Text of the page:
The right hon. Gentleman asked about follow-up and how the United States authorities would take matters forward. I discussed with Condoleezza Rice yesterday the importance of the issue and how we follow it through. The right hon. Gentleman's remarks at the end of his response about the importance of confidence existing in the relationship and the nature of the assurances that we give to each other are critical to both the United States and the UK. The work that our officials will be doing with the US officials, which I referred to in my statement, is intended precisely to follow through on those concerns, but I wanted to make a statement to the House even though the officials have not yet had the chance to go to the United States to take forward those talks.
The right hon. Gentleman drew a distinction between the one-off trawl that we will do for the existing cases of particular flights about which concerns have been expressed and which will be raised with the US authorities, and what he called the continuing and systematic work to ensure that the procedures that have been established are upheld. Of course we will look seriously at any serious concerns that are raised with us, and I am sure the United States will want us to do the same as well.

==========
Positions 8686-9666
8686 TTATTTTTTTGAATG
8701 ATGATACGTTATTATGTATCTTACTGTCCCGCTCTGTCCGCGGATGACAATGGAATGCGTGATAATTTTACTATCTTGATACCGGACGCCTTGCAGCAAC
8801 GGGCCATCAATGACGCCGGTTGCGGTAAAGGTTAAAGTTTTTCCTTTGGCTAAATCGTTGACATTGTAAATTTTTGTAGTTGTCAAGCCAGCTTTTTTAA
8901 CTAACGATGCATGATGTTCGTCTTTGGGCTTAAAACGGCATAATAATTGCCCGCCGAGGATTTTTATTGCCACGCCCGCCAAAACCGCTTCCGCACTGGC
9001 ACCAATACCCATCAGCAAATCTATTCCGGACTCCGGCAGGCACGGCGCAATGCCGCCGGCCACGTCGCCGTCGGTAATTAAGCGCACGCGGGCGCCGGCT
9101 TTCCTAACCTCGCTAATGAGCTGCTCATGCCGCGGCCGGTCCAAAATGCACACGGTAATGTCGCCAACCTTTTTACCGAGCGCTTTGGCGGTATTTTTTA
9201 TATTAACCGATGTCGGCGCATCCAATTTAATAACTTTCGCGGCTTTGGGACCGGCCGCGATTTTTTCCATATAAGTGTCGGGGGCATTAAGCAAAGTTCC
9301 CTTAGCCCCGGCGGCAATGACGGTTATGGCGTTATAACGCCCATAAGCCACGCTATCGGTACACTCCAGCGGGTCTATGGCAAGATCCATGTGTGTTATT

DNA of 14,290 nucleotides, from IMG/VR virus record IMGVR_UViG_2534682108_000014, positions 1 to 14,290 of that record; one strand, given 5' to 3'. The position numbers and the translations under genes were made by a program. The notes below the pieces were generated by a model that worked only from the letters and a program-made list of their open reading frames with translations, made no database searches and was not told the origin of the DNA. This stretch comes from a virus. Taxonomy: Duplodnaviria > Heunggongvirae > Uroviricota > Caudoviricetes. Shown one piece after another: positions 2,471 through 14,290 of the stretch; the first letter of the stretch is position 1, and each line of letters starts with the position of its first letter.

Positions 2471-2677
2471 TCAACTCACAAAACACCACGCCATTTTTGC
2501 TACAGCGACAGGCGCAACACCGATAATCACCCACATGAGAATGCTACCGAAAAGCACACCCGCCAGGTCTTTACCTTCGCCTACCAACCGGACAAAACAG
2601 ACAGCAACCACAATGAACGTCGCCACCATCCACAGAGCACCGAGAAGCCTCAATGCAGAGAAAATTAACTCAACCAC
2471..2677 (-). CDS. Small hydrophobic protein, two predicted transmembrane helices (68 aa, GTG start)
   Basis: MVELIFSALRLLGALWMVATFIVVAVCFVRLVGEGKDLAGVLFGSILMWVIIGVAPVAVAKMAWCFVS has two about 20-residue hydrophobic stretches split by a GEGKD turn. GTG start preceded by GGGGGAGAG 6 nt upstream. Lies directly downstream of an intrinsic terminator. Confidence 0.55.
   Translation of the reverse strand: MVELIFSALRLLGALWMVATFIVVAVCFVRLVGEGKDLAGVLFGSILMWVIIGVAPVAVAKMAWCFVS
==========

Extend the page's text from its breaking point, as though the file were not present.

In respect of the public trust that he spoke about, the right hon. Gentleman will know from the earlier correspondence to which I referred that the practice was established in the 1990s for permission to be sought, and in 1998 it was sought in four cases, in two of which rendition occurred and in two of which it did not. There was also a preliminary inquiry, which was referred to in the letter that was sent to him on
I can tell the House that in this case we have been told that the two individuals involved were not taken to a secret detention facility or subject to water-boarding or other similar forms of interrogation. The right hon. Gentleman talked about the importance of advocating an international standard of definition, and that is what we do through our signature of international conventions on torture and through our adherence to our definition of it. We will certainly continue to do that.